By Tiger, LionelBy McGuire, Michael
Two distinguished authors, renowned anthropologist Lionel Tiger and pioneering neuroscientist Michael McGuire, elucidate the perennial questions about religion: What is its purpose? How did it arise? What is its source? Why does every known culture have some form of it? Their ans...wer is deceptively simple, yet at the same time highly complex: The brain creates religion and its varied concepts of God, and then in turn feeds on its creation to satisfy innate neurological and associated social needs. Brain science reveals that humans and other primates alike are afflicted by unavoidable sources of stress that the authors describe as -brainpain.- To cope with this affliction people seek to -brainsoothe.- We humans use religion and its social structures to induce brainsoothing as a relief for innate anxiety. How we do this is the subject of this groundbreaking book. In a concise, lively, accessible, and witty style, the authors combine zoom-lens vignettes of religious practices with discussions of the latest research on religion's neurological effects on the brain. Among other topics, they consider religion's role in providing positive socialization, its seeming obsession with regulating sex, the common biological scaffolding between nonhuman primates and humans and how this affects religion, and evidence that the palliative effects of religion on brain chemistry are not matched by nonreligious remedies. This fascinating book provides key insights into the complexities of our brain and the role of religion, perhaps its most remarkable creation.Read more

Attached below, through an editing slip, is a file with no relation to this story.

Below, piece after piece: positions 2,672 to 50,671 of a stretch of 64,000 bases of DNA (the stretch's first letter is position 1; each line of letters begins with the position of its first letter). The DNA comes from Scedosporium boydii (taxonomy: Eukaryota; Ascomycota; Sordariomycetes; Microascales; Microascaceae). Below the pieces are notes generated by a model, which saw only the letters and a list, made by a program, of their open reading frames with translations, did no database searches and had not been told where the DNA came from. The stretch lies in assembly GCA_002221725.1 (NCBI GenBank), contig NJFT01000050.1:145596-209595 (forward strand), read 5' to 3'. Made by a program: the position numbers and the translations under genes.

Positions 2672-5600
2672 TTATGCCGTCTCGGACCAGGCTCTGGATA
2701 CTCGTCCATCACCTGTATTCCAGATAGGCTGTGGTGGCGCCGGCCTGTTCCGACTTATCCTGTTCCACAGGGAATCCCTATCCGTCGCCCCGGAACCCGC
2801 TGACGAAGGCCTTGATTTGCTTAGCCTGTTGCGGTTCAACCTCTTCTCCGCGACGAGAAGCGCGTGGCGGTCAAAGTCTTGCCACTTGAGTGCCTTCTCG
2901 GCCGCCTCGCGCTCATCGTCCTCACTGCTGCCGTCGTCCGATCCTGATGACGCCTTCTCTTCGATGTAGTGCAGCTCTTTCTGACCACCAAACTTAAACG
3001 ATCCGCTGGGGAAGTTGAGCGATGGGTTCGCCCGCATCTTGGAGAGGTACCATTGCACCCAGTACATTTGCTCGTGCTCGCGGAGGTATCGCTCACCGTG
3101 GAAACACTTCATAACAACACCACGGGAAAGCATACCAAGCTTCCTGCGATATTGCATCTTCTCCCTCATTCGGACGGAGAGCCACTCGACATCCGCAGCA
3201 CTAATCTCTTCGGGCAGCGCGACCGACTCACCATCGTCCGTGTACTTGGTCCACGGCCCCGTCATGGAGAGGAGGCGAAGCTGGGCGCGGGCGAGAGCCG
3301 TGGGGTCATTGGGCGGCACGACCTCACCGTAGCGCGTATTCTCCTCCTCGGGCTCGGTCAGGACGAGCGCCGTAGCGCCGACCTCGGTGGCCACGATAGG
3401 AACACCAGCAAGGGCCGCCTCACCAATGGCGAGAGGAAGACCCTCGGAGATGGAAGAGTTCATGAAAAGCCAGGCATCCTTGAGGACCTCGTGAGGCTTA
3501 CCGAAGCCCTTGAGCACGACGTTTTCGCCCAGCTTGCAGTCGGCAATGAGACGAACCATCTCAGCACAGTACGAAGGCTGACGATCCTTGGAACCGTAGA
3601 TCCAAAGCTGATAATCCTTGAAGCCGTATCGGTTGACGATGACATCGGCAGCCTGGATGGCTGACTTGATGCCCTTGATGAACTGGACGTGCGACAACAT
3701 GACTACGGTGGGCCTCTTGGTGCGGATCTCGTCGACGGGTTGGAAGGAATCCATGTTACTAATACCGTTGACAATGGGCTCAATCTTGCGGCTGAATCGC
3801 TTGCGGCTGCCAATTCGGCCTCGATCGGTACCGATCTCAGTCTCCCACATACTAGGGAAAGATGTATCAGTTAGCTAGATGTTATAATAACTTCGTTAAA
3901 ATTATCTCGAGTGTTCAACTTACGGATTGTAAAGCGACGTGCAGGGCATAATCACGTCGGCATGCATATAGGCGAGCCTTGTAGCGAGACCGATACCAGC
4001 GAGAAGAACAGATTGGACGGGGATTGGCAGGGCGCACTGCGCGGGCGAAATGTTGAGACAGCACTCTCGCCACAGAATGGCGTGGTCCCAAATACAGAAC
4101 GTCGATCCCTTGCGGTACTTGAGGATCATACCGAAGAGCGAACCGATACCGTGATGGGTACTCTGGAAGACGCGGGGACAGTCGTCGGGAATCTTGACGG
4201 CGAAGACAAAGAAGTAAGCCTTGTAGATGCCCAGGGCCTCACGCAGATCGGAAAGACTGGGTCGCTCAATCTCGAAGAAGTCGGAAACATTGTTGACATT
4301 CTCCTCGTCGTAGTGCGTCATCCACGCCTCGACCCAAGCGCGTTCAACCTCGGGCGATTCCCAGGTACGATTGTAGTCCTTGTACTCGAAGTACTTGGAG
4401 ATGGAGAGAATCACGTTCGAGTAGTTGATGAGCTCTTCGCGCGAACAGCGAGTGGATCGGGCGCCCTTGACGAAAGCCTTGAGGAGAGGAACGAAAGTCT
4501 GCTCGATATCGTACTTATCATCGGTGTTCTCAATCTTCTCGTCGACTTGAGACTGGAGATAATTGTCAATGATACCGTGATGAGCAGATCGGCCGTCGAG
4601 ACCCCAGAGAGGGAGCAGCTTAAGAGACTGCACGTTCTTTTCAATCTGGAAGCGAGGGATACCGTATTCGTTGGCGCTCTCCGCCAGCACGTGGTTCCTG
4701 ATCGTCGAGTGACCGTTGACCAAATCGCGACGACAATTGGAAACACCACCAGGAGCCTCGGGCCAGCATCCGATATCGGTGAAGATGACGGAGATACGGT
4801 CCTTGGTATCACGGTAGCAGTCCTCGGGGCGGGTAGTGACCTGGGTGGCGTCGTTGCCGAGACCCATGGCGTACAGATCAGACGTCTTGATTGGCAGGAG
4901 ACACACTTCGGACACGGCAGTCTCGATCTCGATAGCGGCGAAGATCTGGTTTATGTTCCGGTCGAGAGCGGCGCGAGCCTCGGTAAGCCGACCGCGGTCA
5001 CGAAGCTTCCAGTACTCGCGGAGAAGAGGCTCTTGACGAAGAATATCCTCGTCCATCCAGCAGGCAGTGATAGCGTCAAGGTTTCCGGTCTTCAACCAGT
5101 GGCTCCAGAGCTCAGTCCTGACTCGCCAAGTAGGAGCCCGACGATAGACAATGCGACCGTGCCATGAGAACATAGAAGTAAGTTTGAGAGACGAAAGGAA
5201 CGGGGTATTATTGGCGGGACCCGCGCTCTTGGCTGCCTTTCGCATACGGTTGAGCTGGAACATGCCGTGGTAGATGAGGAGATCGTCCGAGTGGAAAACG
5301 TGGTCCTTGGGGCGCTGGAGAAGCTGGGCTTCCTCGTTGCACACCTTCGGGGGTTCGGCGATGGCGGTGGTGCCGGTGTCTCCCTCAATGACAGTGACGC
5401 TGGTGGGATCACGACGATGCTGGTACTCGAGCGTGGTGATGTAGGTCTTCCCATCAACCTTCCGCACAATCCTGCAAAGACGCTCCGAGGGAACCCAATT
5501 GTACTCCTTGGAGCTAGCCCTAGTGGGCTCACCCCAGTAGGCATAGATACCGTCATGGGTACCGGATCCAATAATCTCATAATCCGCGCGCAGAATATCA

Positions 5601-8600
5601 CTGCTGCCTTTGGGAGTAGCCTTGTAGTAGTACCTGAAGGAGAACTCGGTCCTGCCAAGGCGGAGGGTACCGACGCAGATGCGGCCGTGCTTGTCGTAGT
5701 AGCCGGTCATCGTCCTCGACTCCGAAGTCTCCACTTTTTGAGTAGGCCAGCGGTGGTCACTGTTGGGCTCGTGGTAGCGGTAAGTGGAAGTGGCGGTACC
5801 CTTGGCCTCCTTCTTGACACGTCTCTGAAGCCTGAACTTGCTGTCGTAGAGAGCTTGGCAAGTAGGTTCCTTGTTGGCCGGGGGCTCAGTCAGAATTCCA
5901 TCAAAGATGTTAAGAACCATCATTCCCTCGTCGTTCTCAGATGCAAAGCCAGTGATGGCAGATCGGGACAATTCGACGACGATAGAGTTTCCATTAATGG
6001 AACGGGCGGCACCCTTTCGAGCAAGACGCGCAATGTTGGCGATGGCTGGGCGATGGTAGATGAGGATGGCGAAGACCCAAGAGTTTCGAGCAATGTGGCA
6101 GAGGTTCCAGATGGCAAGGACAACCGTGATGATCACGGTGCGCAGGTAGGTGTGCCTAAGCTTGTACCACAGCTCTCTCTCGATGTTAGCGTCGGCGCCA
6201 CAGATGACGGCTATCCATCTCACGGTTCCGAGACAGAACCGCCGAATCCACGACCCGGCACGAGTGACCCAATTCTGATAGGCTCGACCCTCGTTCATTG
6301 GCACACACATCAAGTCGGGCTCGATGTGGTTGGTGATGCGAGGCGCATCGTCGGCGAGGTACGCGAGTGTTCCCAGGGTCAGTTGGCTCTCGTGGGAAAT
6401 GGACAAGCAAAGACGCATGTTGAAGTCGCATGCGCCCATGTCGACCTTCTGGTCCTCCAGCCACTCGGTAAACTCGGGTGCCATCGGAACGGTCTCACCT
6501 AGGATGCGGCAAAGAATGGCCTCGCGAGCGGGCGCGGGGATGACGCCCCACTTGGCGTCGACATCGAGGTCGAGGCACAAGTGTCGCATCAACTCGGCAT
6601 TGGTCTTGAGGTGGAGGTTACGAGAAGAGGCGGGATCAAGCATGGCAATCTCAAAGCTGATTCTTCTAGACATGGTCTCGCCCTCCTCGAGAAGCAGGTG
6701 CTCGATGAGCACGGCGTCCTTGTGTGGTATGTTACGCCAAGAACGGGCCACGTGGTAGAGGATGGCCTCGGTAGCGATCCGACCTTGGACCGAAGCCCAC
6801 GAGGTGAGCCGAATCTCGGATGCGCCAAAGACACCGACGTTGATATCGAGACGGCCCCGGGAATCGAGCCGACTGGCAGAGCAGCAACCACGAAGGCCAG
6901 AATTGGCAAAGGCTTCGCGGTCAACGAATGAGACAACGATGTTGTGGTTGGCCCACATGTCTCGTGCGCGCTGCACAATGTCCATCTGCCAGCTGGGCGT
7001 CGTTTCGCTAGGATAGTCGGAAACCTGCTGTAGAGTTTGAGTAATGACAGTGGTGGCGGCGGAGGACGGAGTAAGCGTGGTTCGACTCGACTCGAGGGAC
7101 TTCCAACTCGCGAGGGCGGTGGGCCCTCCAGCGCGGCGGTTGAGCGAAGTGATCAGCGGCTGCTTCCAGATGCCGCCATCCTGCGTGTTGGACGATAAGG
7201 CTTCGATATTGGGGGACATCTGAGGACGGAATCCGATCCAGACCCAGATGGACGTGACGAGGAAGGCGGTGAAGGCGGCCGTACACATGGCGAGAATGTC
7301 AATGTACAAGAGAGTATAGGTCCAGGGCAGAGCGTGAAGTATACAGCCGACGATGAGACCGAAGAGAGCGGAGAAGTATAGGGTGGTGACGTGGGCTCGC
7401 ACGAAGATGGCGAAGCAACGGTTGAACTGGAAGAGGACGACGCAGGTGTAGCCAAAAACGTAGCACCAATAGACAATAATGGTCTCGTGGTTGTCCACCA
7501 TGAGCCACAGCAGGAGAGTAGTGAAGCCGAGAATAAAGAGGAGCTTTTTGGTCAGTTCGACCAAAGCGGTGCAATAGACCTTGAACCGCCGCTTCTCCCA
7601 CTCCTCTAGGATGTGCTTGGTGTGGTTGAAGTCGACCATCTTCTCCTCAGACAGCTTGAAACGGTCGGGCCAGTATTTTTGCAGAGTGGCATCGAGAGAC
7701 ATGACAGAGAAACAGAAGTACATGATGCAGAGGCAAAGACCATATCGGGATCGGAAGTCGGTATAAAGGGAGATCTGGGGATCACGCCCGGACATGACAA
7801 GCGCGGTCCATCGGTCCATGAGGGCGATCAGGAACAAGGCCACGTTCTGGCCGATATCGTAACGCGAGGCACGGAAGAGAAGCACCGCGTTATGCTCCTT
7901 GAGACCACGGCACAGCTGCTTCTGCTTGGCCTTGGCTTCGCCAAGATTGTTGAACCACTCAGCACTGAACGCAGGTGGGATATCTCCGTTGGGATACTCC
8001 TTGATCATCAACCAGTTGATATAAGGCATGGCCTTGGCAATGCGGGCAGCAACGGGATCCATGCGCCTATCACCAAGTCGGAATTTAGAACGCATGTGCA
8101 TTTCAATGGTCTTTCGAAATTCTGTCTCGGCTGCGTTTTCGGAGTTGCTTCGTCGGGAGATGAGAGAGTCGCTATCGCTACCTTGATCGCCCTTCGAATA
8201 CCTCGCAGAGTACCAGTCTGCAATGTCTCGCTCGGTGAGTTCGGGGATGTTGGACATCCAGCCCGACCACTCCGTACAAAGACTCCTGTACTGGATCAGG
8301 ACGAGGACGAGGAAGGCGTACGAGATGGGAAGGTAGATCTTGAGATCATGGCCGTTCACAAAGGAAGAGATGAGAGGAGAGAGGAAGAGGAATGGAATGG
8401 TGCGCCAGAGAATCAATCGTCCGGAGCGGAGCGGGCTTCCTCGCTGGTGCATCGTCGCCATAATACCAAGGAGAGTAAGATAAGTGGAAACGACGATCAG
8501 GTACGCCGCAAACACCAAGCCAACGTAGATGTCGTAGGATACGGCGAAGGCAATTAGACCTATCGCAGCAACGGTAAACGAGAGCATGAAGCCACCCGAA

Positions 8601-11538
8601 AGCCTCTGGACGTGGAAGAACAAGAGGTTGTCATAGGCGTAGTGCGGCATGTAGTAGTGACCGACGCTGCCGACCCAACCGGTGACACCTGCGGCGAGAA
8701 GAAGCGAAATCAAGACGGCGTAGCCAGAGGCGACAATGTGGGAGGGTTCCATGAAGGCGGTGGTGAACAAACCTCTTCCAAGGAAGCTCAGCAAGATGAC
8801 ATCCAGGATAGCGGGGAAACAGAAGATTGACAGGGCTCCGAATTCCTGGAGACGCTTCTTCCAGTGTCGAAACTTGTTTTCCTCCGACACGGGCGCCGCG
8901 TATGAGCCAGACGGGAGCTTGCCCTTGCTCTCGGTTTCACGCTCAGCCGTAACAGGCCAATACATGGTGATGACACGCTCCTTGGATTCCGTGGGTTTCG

Lionel Tiger (New York, NY) is the bestselling author of ten books, including Men in Groups, The Imperial Animal (with Robin Fox), The Pursuit of Pleasure, Optimism: The Biology of Hope, and The Decline of Males. His articles have appeared in the New York Times, the Wall Street Journal, Rolling Stone, Harvard Business Review, and Brain and Behavioral Science. He is the Charles Darwin Professor of Anthropology Emeritus at Rutgers University. Michael McGuire, MD (1929-2016), was the author or editor of ten books, including Believing: The Neuroscience of Fantasies, Fears, and Convictions and Darwinian Psychiatry (with A. Troisi). He was the president of the Biomedical Research Foundation, director of the Bradshaw Foundation and the Gruter Institute of Law and Behavior, and a trustee of the International Society of Human Ethology. Formerly, he had been a professor of psychiatry and biobehavioral sciences at the University of California at Los Angeles and editor of Ethology and Sociobiology.
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